The Two-Step is a fairly young dance and truly inspired by American heritage. Originally a version of the Waltz adopted in the mid-1840’s, The Two-Step gained popularity as music in the western parts of the U.S. changed to better suit it. It was an offspring of the minuet and they danced it as QQSS. In the old Western days when women were not allowed to dance with men, men danced together and that is the reason for the hand on the shoulder holding a can of beer and the other hand to the side. The only women who eventually danced with these men were Indian Squaws and that is where all the turns came about, because Indian women loved to spin. Two-step is a Western dance whose popularity has spread all over the United States. Today, the most popular and notable version of the Two-Step was perfected in Texas in the early 1900’s and spread like wildfire to country western music-loving communities throughout the country.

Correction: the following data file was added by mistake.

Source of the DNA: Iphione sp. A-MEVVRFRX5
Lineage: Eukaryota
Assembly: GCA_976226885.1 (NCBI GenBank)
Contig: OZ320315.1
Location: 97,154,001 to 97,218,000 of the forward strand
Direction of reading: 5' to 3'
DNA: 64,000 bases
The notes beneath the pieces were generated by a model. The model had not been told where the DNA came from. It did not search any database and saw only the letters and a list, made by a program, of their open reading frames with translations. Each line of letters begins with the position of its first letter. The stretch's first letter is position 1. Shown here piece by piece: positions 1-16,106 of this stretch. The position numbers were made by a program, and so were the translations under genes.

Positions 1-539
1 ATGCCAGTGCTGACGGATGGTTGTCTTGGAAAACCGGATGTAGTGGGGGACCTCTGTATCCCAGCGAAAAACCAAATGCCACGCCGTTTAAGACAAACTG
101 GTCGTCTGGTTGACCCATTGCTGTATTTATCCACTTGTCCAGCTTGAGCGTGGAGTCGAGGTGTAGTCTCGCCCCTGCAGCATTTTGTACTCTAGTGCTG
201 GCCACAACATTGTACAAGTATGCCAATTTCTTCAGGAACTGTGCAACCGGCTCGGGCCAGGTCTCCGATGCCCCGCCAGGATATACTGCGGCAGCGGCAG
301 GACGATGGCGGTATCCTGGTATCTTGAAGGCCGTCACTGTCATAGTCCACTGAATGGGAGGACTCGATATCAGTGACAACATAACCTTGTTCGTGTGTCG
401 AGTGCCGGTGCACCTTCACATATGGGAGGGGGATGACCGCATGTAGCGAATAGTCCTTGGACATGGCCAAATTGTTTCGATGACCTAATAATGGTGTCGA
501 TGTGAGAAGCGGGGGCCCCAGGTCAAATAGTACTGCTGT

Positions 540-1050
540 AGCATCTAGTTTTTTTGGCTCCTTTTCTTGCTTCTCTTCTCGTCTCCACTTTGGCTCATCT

- Alan Jackson- Don’t Rock the Jukebox
- Alabama- Forty Hour Week for a Living
- George Strait- Ocean Front Property
- Nitty Gritty Dirt Band- Fishing in the Dark
- Reba McEntire- Fancy
WHAT TWO STEP TEACHES
Two Step is known for being a thrill ride on the dance floor. Leaders get to learn how to navigate smoothly on a crowded floor while followers develop their quick turns and spins. As a partnership you learn how to have a strong connection with one another, which allows for every trick to be fun and flawless!